Hacks for Getting Stains Out of Furniture


furniture stain hacks

Cleaning is hard and not a lot of fun. Getting stains out is one of the least entertaining parts of cleaning, and that’s saying something! Of course, if you know a few good tips for getting out stains and dealing with the issue quickly, you can save yourself a major headache.

Use the Right Order

It’s easy to see a stain or a new spill and instantly try to go all in. Don’t. You’ll make it worse. Instead, follow the correct order and you’ll get a much better result.

First off, vacuum if you can. If the stain is older or anything that’s not liquid, vacuum it up as much as possible. As an added bonus, this helps lift other gunk out or to the surface, allowing you to clean everything a bit better.

Second, blot. Blot up everything you can. This is actually the first step if the spill is liquid, since you shouldn’t really vacuum liquids up. It’s not good for your vacuum cleaner, unless you have a wet-vac.

Once you’ve done that, spot-clean. Most of the time you’ll find baby wipes or white vinegar is enough to get rid of a stain. Some, however, can be a little trickier, so make sure you have a good idea of what you’re doing. If you aren’t sure, leave it alone until you have a good plan in mind.

Last, do a final overall clean. After all that work, you can probably just do a simply vacuum or wipe-down of the furniture, and call it a day.

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Don’t Rub!

This will probably be mentioned several times, but it really is important. Anytime you have a stain on a fabric item, don’t rub! All it does is push the stain deeper into the fabric fibers. That usually results in one of two things happening – you’re either left with a permanent light stain, or the smell keeps coming back. Both of those things are bad and it’s easier to avoid them.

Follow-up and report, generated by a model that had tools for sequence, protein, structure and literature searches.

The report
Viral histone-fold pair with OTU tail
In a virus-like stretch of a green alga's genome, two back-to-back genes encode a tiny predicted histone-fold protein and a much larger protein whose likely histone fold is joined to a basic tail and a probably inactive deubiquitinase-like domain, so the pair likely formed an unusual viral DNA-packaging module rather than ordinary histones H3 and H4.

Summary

This isn’t to say that you can’t rub at all or ever, but you should never rub first. Always blot, and blot. Then blot more, until you’re certain that all your blotting is doing is making your arm tired.

Avoid Total Saturation

Whatever you’re using to clean up the mess, try not to soak it straight though. You can soak things like small carpets or clothing, but not furniture. Not only does it not increase the effectiveness of whatever product you’re using, but it can drag the mess farther in. Even worse, if you soak a cushion too much, you run the risk of mildew.

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Use Rubbing Alcohol for Pen and Nail Polish

Anyone with teenage girls – or someone who’s just clumsy, like me – knows that nail polish in your carpet, on your sofa, on your pant legs or in your hair is a nightmare. While a simple shampoo is usually enough to get it out of your hair, it can be a little harder to take it out of the carpet or sofa.

Along that same line, kids tend to love coloring, but it’s just not as much fun to color on paper, right? There are always pens somewhere they can find, so of course the sofa could use some color. Rubbing alcohol actually is pretty magical for both of these issues, pants included.

For pen, all you need to do is blot a bit on there, watch the marks disappear, and wash as normal. Nail polish is pretty much the same idea, but you must blot as much off the top as you can. Don’t rub it at all until you’ve blotted your heart out, or you’ll just mush it deeper into the carpet. Afterward, let it dry, then add the rubbing alcohol and rub the rest of the polish right out. You can use nail polish remover if you want to, but be careful. Certain kinds can bleach the carpet or sofa, so rubbing alcohol really is your best bet.

Get Grease and Oil Out With Chalk

Plain old sidewalk chalk has some amazing absorbent properties. If you spill grease or oil on furniture or your clothes and you’re struggling to get it out, chalk is the way to go. Rub a good amount of it on the spot and let it sit for a while. The chalk will bind to the spill, but retain its wonderful washable properties. After an hour or so, just wash it like you normally would. For some fabrics, like sofa cushions, you might be able to run the cover through the wash. Otherwise, just wipe it down with a damp cloth to collect the chalk.

Remember, there’s nothing like prevention to stop yourself from having to do extra work. Take care of your items and ask other people to do the same. It’s worth it.

Megan Wild loves choosing unique and comfortable furniture for homes. Check out more of her design ideas and tips on her blog, Your Wild Home.

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